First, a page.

18 DECEMBER 1982

18 DECEMBER 1982

18 DECEMBER 1982

The attack on South Africa’s

Nuclear Power Station at Koeberg

By Richard Henry

18 November 2020

Words:  3 779


Today in South Africa the 16 December is called the Day of Reconciliation.  A day where black and white come together and put aside their past differences.  Why was 16 December chosen for reconciliation?

In December 1838 the Voortrekkers made a covenant with God that if they were to defeat the Zulu army in the coming battle, they would forever celebrate this day in His name. The 470 Voortrekkers (Boers) drew up a laager of wagons on a bend in the Ncome River in Natal.  Between ten and twenty thousand Zulu Impi under the command of Dingane’s Generals -Dambuza and Ndlela ka Sompisi attacked the laager.  With the advantage of muskets overs spears, the white Voortrekkers managed to defeat the Zulu. There was so much blood spilt in the river that it became known as Blood River.

In 1865 the Transvaal Republic declared 16 December as a public holiday and it was known as Dingane’s Day.  The defeat of the Zulu on this day also became a very powerful rallying point for the advancement of Afrikaner culture, identity and nationalism.  In 1952 the name was changed to the Day of the Vow.

After the Boer War / South African War 1899-1902, black people, liberal whites and emerging political parties such as the African National Congress (ANC) and the South African Communist Party saw it as a day to protest against white minority rule.  Protest action from the 1920s onwards increased but so did Afrikaner Nationalism.  For this very reason the armed wing of the ANC – Umkhonto weSizwe (MK) sabotaged government structures in Johannesburg, Port Elizabeth and Durban on 16 December 1961, announcing its existence and opening a new phase of resistance.


 The symbol of Umkhonto we Sizwe (The spear of the Nation)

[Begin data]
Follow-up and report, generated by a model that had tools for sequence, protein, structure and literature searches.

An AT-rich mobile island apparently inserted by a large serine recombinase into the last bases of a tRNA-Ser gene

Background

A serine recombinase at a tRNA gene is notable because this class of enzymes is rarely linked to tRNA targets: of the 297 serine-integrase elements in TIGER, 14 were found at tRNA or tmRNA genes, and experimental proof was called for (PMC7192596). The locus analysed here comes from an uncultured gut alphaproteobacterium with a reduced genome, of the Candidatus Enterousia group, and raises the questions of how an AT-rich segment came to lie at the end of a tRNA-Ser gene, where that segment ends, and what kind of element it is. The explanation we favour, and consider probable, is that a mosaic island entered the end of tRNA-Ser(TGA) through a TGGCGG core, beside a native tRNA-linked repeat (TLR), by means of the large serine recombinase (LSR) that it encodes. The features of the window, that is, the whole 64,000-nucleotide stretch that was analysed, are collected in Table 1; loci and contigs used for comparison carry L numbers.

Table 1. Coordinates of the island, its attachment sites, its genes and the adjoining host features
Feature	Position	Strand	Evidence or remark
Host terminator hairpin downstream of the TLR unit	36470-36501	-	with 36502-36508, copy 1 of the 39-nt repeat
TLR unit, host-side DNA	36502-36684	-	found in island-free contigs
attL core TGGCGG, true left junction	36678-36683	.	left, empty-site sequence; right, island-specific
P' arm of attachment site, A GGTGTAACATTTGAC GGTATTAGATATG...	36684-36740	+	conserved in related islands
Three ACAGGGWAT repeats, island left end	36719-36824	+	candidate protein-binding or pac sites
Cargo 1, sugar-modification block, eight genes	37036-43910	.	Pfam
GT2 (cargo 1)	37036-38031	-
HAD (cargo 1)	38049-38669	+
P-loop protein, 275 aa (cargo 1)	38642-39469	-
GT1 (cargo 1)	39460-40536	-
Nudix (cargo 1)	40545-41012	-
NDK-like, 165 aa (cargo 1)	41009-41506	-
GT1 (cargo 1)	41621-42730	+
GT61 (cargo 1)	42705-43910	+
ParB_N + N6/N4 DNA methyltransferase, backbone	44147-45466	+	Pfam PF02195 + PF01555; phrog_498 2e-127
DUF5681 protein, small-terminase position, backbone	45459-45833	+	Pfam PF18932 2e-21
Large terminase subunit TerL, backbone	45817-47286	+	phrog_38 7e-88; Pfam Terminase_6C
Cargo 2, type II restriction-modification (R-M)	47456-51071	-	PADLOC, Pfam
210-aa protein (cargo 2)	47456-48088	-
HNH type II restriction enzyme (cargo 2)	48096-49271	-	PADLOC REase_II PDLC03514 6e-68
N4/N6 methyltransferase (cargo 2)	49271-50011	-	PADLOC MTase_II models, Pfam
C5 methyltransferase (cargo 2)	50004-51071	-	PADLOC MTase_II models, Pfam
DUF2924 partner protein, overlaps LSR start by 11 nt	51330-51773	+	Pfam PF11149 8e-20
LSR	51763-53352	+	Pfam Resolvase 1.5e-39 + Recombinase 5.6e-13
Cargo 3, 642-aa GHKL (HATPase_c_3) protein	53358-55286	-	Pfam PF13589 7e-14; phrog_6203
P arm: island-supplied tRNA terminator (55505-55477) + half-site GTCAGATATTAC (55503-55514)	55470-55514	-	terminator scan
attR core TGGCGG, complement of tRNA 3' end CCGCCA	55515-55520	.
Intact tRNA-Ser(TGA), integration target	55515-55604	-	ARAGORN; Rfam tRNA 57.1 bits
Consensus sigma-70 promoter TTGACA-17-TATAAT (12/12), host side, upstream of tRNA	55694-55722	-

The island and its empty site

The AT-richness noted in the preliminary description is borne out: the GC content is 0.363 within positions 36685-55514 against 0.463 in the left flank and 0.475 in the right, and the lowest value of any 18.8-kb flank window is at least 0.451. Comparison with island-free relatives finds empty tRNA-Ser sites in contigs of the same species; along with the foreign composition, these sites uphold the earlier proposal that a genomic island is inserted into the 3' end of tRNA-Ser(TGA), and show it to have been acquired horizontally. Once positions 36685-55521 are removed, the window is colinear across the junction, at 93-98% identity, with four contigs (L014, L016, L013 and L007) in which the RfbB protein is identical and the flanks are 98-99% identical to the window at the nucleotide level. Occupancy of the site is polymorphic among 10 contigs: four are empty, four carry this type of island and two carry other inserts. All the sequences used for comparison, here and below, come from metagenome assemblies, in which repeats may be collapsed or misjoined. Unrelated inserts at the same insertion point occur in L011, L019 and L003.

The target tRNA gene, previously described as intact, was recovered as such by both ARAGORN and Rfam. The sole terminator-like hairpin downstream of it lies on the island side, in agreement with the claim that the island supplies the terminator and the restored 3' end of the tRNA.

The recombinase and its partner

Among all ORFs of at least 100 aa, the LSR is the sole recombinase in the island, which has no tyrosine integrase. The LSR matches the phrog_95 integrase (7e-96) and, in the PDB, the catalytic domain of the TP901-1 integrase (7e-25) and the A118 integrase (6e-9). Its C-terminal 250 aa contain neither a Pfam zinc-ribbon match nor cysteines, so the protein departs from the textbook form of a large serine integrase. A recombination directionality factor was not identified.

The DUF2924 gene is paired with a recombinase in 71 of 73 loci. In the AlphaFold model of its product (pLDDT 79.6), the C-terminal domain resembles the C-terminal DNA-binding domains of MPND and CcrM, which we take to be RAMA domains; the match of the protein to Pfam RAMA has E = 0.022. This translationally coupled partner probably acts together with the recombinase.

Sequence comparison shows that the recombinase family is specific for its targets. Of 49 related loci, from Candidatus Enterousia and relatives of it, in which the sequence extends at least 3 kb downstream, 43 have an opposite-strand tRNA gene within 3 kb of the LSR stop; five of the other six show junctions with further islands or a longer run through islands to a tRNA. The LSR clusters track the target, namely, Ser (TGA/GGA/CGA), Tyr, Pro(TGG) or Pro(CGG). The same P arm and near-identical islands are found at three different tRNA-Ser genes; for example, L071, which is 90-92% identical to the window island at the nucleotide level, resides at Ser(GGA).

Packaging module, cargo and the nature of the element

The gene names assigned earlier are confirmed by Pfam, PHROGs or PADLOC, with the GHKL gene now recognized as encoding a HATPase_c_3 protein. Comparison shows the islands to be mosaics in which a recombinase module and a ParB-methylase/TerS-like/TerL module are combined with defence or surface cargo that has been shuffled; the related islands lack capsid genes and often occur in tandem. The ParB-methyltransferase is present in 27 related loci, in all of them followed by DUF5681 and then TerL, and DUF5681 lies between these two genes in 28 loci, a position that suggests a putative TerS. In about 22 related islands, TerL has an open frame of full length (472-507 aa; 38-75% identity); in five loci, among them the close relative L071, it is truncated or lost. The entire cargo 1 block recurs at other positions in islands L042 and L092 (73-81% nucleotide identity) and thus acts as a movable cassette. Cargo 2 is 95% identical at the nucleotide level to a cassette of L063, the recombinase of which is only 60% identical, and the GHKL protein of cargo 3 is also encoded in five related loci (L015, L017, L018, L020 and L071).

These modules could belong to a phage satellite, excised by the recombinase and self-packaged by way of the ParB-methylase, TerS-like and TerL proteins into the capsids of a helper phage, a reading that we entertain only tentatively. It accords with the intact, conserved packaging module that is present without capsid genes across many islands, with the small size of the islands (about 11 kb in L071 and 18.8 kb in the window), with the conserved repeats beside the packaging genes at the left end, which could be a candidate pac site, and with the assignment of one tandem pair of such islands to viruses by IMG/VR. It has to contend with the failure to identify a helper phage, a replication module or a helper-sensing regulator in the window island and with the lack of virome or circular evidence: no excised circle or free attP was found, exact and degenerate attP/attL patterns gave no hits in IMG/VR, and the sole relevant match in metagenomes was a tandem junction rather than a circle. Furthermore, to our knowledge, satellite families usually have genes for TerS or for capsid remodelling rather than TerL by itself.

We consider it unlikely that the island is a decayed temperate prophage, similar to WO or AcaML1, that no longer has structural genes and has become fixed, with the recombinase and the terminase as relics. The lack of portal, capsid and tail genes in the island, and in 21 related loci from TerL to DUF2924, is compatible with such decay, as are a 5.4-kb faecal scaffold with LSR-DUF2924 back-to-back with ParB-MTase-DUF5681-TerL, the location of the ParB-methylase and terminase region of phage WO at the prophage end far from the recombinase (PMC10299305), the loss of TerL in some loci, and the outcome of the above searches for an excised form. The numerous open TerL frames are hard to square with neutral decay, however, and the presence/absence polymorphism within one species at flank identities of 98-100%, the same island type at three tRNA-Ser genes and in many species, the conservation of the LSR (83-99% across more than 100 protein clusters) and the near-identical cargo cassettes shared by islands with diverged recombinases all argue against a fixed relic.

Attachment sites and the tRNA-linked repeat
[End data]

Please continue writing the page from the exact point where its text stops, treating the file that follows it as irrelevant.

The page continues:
At the end of the Second World War 1939-1945, the United States and Great Britain asked South Africa to investigate its potential to supply mineable uranium.  This led to the Atomic Energy Board which oversaw uranium production and trade in 1948 and later research and development into nuclear technology.  In 1959 the Nationalist Government approved the building of a nuclear research reactor at Pelindaba near Pretoria. In 1960 with South Africa becoming a republic, Afrikaner Nationalism was at an all-time high, new weapons were purchased and many advanced technology projects were  underway showcasing the abilities of the white afrikaner, who were at last free from the yolk of the British.  In 1965, Prime Minister Hendrik Verwoerd opened South Africa’s first nuclear reactor, the South African Fundamental Atomic Research Installation (SAFARI-1).  A new South African process to enrich uranium was developed and the plant at Velindaba started in 1971 was completed in 1975.   This was also the embryo for research and development into a nuclear weapon, the first one completed in 1978.  By the mid- 1970s South Africa due to her apartheid policies had become internationally isolated.  The ANC and a host of anti-apartheid organisations were ensuring severe sanctions in almost all spheres were imposed on South Africa.  The ANC were starting to get considerably assistance from African and many European countries. Their main support came from the Soviet bloc.